Thursday, March 10, 2016

Ride Review: Devil's Wicked Stepmother 414k Permanent

Being somewhat of a wimp when it comes to riding in cold weather, I've traditionally hung out on my Computrainer until the trees are in bloom.  But, when I saw that early March would serve up a midweek day of 80 degrees and sunshine, I had to go big.  As Val Kilmer memorably put it, "it's a moral imperative."

The question was, what route to ride?  It's hard to get excited about routes leaving from D.C.; while pleasant enough, they're ridden so often that it feels more like a workout than an adventure.  The most appealing rides were in the Shenandoah Valley, but that was far enough away that I wanted to make the drive worth it.  Finally, with this year's focus on a couple of truly mountainous events, I wanted to climb.  Searching the RUSA permanents, the answer quickly became clear:  Crista Borras's 414k permanent known as "Devil's Wicked Stepmother."  With nearly 18,000 feet of climbing over 258 miles, it's a route that would be challenging at any time of year, much less in March.  But, the way I saw it, I could keep the pedals turning and finish eventually.  I guessed I might be able to finish it in around 18 hours, but who knew?  Only one person had ridden it previously, and given that I didn't recognize his name, I figured it might have prompted him to retire from cycling.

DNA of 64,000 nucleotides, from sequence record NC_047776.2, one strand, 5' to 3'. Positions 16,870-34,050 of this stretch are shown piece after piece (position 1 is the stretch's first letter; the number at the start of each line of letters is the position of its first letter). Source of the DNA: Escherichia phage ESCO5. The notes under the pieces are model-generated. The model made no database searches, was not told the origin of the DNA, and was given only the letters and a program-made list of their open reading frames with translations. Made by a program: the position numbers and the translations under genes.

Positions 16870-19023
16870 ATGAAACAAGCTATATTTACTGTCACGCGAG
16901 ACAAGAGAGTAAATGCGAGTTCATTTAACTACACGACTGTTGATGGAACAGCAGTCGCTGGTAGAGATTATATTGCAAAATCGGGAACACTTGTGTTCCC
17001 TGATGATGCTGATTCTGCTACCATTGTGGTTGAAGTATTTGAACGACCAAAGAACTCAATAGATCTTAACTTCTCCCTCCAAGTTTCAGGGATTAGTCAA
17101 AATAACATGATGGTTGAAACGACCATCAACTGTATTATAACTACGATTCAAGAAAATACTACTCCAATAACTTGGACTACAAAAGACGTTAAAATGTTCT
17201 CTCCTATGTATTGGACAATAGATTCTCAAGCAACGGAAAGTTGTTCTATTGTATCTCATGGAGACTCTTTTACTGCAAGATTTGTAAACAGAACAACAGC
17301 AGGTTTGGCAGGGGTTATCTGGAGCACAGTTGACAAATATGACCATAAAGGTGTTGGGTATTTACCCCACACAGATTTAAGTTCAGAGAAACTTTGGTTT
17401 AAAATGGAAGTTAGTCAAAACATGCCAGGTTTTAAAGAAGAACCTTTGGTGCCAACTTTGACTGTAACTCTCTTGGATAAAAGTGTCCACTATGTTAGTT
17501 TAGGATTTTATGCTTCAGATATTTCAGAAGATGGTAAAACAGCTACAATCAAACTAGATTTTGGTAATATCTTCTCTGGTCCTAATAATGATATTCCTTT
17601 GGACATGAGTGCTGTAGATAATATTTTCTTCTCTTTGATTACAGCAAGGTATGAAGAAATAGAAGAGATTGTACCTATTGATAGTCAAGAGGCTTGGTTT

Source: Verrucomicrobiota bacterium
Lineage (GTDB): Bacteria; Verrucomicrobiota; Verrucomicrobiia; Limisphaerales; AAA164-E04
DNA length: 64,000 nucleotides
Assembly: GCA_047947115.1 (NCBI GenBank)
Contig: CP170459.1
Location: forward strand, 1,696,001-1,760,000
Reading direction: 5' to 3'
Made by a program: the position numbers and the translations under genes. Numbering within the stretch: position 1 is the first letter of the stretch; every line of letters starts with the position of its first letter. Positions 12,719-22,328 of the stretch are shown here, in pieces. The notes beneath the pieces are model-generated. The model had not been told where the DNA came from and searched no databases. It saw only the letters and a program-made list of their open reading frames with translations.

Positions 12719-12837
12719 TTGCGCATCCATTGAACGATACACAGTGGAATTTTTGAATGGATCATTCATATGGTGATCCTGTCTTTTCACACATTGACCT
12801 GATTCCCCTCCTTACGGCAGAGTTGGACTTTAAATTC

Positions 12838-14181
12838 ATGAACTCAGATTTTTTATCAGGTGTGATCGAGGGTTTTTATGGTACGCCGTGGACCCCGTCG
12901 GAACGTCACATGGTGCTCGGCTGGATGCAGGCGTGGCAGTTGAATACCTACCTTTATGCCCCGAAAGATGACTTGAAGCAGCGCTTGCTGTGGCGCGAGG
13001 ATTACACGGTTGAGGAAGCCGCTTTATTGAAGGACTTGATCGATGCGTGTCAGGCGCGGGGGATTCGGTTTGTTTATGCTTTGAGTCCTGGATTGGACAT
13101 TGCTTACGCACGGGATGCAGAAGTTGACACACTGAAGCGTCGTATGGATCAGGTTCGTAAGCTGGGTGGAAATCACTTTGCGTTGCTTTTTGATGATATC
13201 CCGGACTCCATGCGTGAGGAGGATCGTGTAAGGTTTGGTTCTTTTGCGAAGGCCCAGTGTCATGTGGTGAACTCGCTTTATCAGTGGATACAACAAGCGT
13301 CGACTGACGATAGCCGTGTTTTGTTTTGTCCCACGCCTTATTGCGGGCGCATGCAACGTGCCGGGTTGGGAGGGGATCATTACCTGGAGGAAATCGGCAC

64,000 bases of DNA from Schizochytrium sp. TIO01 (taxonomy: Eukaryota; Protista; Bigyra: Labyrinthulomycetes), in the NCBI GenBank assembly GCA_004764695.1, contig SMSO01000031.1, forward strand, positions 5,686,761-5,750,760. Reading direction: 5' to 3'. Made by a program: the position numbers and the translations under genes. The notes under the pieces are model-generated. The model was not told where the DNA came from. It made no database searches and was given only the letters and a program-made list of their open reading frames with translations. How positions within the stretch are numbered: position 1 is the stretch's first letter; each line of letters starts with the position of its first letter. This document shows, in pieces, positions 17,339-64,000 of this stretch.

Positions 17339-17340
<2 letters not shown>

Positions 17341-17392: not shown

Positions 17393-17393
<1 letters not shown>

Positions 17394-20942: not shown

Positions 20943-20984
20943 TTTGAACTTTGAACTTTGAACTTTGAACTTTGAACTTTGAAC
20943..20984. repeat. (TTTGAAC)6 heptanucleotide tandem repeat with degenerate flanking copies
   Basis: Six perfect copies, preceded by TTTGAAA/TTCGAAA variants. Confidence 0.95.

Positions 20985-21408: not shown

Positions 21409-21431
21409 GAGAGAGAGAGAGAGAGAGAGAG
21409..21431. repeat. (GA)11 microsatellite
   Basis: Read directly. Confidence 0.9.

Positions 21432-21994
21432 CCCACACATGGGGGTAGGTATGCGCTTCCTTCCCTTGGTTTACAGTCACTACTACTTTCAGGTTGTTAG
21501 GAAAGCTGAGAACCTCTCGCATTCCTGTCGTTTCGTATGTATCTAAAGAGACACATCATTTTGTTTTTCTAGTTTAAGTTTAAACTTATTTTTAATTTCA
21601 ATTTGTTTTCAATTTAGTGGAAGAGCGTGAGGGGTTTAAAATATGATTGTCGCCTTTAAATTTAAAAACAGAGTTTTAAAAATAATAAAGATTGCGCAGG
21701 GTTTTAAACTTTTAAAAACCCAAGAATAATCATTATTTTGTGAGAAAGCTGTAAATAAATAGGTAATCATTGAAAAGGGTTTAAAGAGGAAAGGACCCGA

After an indecently early wake-up and drive from D.C., I rolled out from Strasburg, Virginia at 4:00 a.m.  One disadvantage to long rides early in the season is that the nights are long -- the first 2+ hours were ridden in the dark.  Riding west toward Moorefield, West Virginia, the climbing began almost immediately with a 1500-foot grinder.  But it was hard to keep my spirits down: the road surfaces were terrific, the sky was full of stars, and traffic was minimal (although what vehicles there were tended to be massive gasoline tankers, which were not much fun).  Unfortunately, although the overnight lows had been predicted to hover around 50, my GPS unit and various billboards showed that the actual temperature was in the high 30s for several hours, which was an entirely different ballgame -- my decision not to wear knee warmers was a misstep.  It's a lesson I seem to need to relearn periodically: weather forecasts do not apply in the mountains.